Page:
White House hopeful Elizabeth Warren outlines 20 trillion-dollar healthcare plan

White House hopeful Elizabeth Warren outlines 20 trillion-dollar healthcare plan

US presidential hopeful Elizabeth Warren has proposed 20 trillion dollars (£15.8tn) in federal spending over the next decade to provide healthcare to every American without raising taxes on the middle class.

The details of Ms Warren’s “Medicare for All” plan aim to quell criticism that the Massachusetts Democrat and presidential candidate has been vague about how she would pay for her sweeping proposal.

Her refusal to say until now whether she would impose new taxes on the middle class, as fellow progressive White House hopeful Bernie Sanders has said he would, had become untenable and made her a target in recent presidential debates.

However, her detailed proposal was quickly attacked by her moderate rivals, including former vice president Joe Biden.

Election 2020 Elizabeth Warren
Elizabeth Warren greets in Iowa (Charlie Neibergall/AP)

“We can generate almost half of what we need to cover Medicare for All just by asking employers to pay slightly less than what they are projected to pay today, and through existing taxes,” she wrote.

Companies with fewer than 50 employees that do not already sponsor coverage would be exempted from the proposal.

In a nod to unions whose support will be key in the Democratic primary, Ms Warren said that employers already offering health benefits under collective bargaining agreements will be allowed to reduce how much they send to federal coffers — provided they pass those savings on to employees.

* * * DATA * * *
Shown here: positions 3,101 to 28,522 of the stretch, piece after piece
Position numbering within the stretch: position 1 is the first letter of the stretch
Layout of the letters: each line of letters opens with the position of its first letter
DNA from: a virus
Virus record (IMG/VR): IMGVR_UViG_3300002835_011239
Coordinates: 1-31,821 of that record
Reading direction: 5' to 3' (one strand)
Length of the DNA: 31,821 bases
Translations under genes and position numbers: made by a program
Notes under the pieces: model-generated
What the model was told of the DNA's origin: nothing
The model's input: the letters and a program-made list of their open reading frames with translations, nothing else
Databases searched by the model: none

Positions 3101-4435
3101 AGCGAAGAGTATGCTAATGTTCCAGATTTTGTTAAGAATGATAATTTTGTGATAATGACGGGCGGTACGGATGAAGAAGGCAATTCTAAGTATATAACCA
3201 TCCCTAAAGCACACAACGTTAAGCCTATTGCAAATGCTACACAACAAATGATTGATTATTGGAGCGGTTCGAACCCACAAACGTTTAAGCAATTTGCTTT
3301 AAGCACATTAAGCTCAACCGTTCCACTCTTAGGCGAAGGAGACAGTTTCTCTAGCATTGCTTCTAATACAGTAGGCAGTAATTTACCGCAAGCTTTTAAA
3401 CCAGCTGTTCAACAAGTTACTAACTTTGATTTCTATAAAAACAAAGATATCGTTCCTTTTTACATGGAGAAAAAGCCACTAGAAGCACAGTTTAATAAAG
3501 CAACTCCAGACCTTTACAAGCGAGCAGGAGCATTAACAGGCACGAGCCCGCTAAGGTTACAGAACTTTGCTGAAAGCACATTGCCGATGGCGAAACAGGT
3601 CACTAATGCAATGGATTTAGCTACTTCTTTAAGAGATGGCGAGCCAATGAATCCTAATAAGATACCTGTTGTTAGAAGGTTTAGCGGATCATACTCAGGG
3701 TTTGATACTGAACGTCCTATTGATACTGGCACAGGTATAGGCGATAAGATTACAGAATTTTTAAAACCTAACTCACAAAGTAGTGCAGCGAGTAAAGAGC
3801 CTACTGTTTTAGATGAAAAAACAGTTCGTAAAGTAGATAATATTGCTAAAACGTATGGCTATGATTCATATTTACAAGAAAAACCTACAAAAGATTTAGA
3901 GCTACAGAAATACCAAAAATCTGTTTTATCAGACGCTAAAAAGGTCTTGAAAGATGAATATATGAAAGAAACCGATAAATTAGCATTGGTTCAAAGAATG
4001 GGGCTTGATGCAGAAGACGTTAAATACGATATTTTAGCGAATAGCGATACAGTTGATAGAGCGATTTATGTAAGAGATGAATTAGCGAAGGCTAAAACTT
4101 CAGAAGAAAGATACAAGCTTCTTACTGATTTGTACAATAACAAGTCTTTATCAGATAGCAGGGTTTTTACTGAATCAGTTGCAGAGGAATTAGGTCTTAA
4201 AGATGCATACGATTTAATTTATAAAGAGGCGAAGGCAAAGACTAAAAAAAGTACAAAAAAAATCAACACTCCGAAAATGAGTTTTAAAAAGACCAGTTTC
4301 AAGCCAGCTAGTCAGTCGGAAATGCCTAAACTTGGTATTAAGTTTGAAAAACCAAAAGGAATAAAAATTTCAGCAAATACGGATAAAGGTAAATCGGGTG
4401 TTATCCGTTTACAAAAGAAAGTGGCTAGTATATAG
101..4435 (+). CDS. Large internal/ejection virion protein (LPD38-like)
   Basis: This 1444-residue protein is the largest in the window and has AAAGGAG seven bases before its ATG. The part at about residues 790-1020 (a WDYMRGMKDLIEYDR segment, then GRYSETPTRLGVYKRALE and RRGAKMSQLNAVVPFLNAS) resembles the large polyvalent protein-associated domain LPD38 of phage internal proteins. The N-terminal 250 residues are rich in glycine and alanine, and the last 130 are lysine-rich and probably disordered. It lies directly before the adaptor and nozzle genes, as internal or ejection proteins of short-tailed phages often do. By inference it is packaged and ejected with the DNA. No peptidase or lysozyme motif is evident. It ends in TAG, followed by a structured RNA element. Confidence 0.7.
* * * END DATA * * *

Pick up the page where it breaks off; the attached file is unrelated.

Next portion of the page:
Democrats have spent the better part of three decades debating the proper role of government in healthcare, and the complicated politics surrounding the issue quickly resurfaced after Ms Warren released her proposal.

Mr Biden, who favours building on the Affordable Care Act, criticised Ms Warren’s plan for eliminating private insurance coverage and said it still amounts to a tax increase on workers.

For all the attention being paid to Ms Warren’s proposal, Mr Sanders is the chief architect of Medicare for All.

He has previously released several options to pay for his measure, including a 4% income tax “premium” that kicks in after the first 29,000 dollars for a family of four — very much affecting the middle class.

Politics aside, some independent experts raised doubts about the Warren campaign’s estimates.

“They are making more aggressive assumptions about the same things we already made aggressive assumptions about,” said John Holahan, an economist at the Urban Institute who co-authored a recent cost analysis that the Warren campaign is using as a starting point for its estimates.

Then there is the task of passing such legislation through US Congress.

Election 2020 Bernie Sanders
Presidential candidate Bernie Sanders criticised Ms Warren’s plan (Charles Krupa/AP)

“They are underestimating the new federal taxes needed to pay for this by about 15 trillion dollars over 10 years,” said Emory University economist Ken Thorpe, who has done his own estimates of Medicare for All.

If the transfers from private businesses to the government do not raise enough money, Ms Warren says she would make up the difference by imposing a supplemental contribution requirement for big companies “with extremely high executive compensation and stock buyback rates”.

All told, she estimates she could generate 20.5 trillion dollars in revenue through a combination of, among other things, higher levies on capital gains and other investments and new taxes on the wealthiest 1% of Americans.

Some of her other revenue estimates also could hit political obstacles.

Many politicians may be reluctant to side with Ms Warren’s call to raise 800 billion dollars (£618bn) over 10 years by eliminating a Pentagon contingency fund used for anti-terrorism operations.

Another 400 billion dollars (£309bn) represents dividends from an immigration overhaul, a legislative feat that has eluded the past three presidents.

And a whopping 2.3 trillion dollars (£1.7tr) would come from stronger enforcement of existing tax laws — money that would have to be identified and collected before it could be used for a new healthcare system.

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